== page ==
UK network operators under attack!

Alternative network providers are calling on UK government to help protect against a growing number of local physical attacks on fiber infrastructure.

The group, led by Ogi and Vorboss, has written to Secretary of State for Science, Innovation and Technology Michelle Donelan asking for a review of the rules that safeguard networks kit.

This follows recent spate of attacks on optical fiber network infrastructure around the country which represent an emerging threat to public services and businesses, the group says. Attacks have resulted in entire streets or communities being cut off until the damage can be repaired.

The letter is signed by executives from a number of altnets, plus the Chair of trade body INCA (the Independent Networks Cooperative Association). The group wants the government to consider greater police engagement with this issue and to consider tougher sentences for those found to have damaged network pipes and plumbing.

“This is something we have seen an increase of over the last 18 months,” said Howard Jones, head of communications at Vorboss, which provides fiber connections of up to 100Gbps for businesses in the London area.

Jones told The Register that attacks range from simply chopping through fiber-optic cables in an underground duct, to lifting the cover of an access chamber, pouring in petrol, and setting the whole lot alight.

The motives for these attacks are thought to be simply vandalism or people with a grudge against a particular provider, rather than being a case of network operators aiming to sabotage their rivals, Jones claimed.

“You find instances where a chamber containing equipment for multiple providers has been accessed, but only one provider has been attacked,” he said, adding that it could be ex-employees with a grudge and that some attacks have even been 5G protesters simply targeting any digital infrastructure.

Ogi, which operates mostly in Wales, suffered an attack on its infrastructure in January in the Pembroke Dock area after which engineers had to effectively rebuild parts of a newly installed network covering 600m (nearly 2,000 feet) across several sites in the town, according to ISP Review.

Police engagement with these incidents should be reviewed to better reflect the severity of the damage and harm these attacks can cause, the letter says. The implication is that police forces are not taking the matter seriously enough, and the group would like a more proactive approach.

“If it was an attack on an exchange, there would be a police presence within minutes,” Jones said.

Intentional damage to fiber infrastructure should also be categorized as a criminal offense distinct from ordinary criminal damage, the letter suggests, and proposes that perpetrators of these crimes should face the threat of lengthy prison terms and appropriate fines as a deterrent.

In a statement sent to The Register, Katie Milligan, chief commercial office at Openreach, said:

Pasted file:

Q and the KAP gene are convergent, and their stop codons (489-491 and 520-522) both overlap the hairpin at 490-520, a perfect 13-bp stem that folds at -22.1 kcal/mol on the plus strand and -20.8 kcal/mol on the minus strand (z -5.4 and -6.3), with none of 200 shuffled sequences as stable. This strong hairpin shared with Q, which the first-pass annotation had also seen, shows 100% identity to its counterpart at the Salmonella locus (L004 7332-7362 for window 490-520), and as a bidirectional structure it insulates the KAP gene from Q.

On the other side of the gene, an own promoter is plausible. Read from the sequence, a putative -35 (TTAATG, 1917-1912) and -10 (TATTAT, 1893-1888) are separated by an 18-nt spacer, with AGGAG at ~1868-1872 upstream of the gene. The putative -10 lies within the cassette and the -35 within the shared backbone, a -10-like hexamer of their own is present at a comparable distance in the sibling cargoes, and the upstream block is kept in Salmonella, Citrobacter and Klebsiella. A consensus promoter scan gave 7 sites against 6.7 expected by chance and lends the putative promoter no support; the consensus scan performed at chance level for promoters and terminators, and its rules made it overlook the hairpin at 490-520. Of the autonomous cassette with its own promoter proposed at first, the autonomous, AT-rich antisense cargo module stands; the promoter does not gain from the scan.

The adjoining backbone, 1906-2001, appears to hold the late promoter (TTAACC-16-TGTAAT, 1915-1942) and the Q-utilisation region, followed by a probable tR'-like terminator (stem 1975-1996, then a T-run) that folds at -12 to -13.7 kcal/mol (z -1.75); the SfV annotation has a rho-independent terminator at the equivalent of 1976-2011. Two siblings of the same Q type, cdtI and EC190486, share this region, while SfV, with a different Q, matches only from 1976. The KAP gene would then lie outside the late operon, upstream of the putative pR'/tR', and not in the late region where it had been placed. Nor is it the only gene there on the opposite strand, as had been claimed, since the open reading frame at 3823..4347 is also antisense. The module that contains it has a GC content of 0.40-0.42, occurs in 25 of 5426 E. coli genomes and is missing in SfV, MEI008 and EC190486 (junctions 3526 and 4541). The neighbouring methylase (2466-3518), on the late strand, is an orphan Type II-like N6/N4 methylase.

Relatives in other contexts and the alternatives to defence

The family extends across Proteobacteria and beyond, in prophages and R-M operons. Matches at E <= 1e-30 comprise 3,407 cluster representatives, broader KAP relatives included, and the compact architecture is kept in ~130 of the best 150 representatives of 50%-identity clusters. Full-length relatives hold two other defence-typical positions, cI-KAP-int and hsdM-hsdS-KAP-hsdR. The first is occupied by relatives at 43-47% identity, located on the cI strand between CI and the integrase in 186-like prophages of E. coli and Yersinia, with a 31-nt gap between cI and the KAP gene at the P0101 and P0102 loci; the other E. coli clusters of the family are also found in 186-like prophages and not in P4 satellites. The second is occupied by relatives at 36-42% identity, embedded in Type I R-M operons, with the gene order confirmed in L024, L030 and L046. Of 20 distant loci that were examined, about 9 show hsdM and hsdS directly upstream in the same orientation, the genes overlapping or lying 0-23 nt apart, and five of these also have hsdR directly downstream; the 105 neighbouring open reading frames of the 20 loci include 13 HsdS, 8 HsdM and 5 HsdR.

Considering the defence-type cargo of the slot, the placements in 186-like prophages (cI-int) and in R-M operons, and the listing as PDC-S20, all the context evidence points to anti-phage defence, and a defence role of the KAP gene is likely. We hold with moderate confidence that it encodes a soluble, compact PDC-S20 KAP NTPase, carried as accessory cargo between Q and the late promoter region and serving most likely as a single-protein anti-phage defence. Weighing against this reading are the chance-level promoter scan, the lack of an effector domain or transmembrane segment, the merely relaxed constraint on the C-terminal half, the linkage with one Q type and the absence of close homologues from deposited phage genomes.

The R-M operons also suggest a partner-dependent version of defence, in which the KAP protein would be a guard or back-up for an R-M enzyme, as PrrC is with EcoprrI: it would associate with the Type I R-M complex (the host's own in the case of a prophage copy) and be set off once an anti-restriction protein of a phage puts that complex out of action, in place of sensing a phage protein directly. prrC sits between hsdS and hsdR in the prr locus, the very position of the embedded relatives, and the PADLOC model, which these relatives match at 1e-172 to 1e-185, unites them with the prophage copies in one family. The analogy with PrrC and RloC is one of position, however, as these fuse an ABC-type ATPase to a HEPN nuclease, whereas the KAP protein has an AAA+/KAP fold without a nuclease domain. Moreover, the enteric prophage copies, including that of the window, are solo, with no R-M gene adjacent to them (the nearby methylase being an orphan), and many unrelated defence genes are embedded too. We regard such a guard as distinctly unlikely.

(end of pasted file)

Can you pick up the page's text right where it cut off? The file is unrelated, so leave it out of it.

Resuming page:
"As the largest network in the UK with the highest regulated service standards to uphold, nobody suffers more from poor ‘whereabouts’ compliance than Openreach and no-one’s keener to improve it.

“We’re continuing to work closely with the industry and Ofcom to make sure that work is recorded properly and completed safely and securely. We’ve been doing this in a very collaborative way and, whilst we do have options for stricter enforcement if that’s needed, we’d prefer not to have to enforce contractual penalties. Right now, no company using our network is 100 percent compliant, so everyone has work to do to improve.

“It’s also important to emphasise that compliance isn’t a silver bullet to prevent damage and security issues. It can help of course, but it doesn’t account for malicious acts or provide conclusive proof of causes."

PP Foresight telecoms analyst Paolo Pescatore said this is an ongoing issue which will have severe implications if not addressed properly.

“The authorities need to put an action plan in place to avoid this happening in the first place and ensure that services are restored as quickly as possible,” he told us. “Such activity can cause more than just disruption as it can prevent access to emergency services and for healthcare devices to not work properly.”

A spokesperson for the Department for Science, Innovation and Technology (DSIT) said in a statement sent to The Register that: “We have one of the toughest telecoms security regimes in the world and we continue to work closely with relevant organisations to identify risks and ensure the security and resilience of our telecoms network infrastructure.”

“We have engaged with providers and relevant authorities to understand these concerns and identify whether there is support Government can provide to safeguard networks and ensure that services can operate without disruption. Any case of suspected criminal damage to telecoms infrastructure should be reported to the police to investigate.”

The industry itself also needs to up its own game on logging when any authorised access to network infrastructure occurs, the altnet group concedes.

“There must be strict enforcement of ‘whereabouts compliance,’ a contractual obligation requiring all network operators and anyone acting on their behalf to register their activity when using physical networks,” the letter states, bemoaning that “industry compliance is low and falling”.